The TX Theatre’s double bill Mnquma & Ithemba is rich modern African contemporary dance-based storytelling. Located in the heart of the bustling township of Tembisa is the Moses Molelekwa Arts Centre, named after one of the township’s most prominent sons who in his short but impactful life achieved world-wide acclaim for his unmatched prowess in jazz as a pianist, composer, and producer.
Founded in 2014 by Mxolisi Masilela, the TX Theatre has become a hub for experimentation in different art forms and seen a production of cross-disciplinary theatre pieces that otherwise would struggle to get space or support in the mainstream theatre spaces. The theatre space is run by TX Theatre Productions, a Non-Profit Organisation (NPO) best known for producing the annual Tembisa Theatre Week (which celebrates its 4th year this year) and the Kuwamba National Women’s Theatre Festival which is a platform dedicated to productions by female theatre-makers.
The double-bill or double-feature as it is more commonly known as a phenomenon from the American motion picture industry where movie theatres would show two films for the price of one.
For TX Theatre the double-bill production of Mnquma & Ithemba though uncommon in mainstream theatre circles meant audiences were treated to two powerful productions for the price of one. Though distinct from each other and also being productions that stand-alone in their own right, Mnquma & Ithemba shared the stage and somehow managed to tell two stories that are not related except for the form used which was primarily modern or contemporary African dance.
The double-bill format is quite ingenious in that in this case it allowed for artists to work not only on their pieces but also on some parts together hence it made the production(s) richer and more layered as artforms that rely primarily on dance but which also utilize music and dialogue.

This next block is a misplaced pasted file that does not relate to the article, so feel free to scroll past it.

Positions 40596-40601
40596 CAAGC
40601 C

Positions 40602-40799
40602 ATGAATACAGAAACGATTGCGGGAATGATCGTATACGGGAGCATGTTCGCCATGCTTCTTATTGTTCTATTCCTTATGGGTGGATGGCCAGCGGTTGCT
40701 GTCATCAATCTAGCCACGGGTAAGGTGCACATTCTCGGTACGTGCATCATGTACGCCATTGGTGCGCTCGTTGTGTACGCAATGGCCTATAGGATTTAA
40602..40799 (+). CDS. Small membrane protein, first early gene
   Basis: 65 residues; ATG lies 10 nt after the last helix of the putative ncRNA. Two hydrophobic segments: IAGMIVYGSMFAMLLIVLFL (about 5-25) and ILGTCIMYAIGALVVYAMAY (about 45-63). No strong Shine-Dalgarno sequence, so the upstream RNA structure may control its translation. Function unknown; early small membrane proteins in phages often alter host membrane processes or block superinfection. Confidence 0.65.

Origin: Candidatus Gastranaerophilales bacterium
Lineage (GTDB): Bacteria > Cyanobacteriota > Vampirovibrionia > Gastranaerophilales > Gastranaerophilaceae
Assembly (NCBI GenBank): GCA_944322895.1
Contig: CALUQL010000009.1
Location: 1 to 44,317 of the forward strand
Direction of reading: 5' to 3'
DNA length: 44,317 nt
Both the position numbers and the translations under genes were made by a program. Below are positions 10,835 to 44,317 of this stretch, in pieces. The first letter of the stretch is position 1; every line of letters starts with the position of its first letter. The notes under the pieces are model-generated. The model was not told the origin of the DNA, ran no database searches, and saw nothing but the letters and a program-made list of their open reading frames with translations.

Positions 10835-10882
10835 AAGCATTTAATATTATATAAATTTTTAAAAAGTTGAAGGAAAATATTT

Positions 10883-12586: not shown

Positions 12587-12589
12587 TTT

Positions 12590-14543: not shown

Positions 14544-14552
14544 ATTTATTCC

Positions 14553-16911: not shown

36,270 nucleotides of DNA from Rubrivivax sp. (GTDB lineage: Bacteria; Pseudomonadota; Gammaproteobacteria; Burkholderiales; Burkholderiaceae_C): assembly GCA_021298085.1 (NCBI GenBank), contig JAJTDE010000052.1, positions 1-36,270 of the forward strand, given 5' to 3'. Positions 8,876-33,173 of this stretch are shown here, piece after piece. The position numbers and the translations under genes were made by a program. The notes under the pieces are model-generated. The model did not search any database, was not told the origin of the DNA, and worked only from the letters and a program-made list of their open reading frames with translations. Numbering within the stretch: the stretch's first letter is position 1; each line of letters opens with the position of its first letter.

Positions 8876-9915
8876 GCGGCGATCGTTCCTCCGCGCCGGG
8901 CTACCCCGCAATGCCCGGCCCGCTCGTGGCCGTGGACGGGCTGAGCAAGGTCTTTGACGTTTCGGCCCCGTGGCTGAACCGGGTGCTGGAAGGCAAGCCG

Mnquma performed Xolisile Bongwana is essentially about identity, the struggle to know or find one’s self and roots, and to reconnect with ancestors so that a sense of belonging can be restored. It also touched on other related themes such as what it means to be a man as well as being a cultural exploration of the rites-of-passage boys are expected to go through in order to become men. The story is told through Xhosa and Bhaca dance forms which Xolisile is an expert in and as a performer he has very few who can manage to both dances and act so seamlessly.
Ithemba performed by Thulisile Binda is a touching story about loss; loss of loved ones, loss of childhood, and loss as an ever-present eventuality in human existence and is told primarily through dance, music, and visuals. Using her body, Thulisile expertly executes flawless and mesmerizing movements continuously moving the story forward to its painful conclusion.
Mnquma & Ithemba produced by The TX Theatre and featuring Xolisile Bongwana and Thulisile Binda were staged at the TX Theatre in Tembisa from 20 – 21 November 2020.
This post was written by the author in their personal capacity.The opinions expressed in this article are the author’s own and do not reflect the view of The Theatre Times, their staff or collaborators.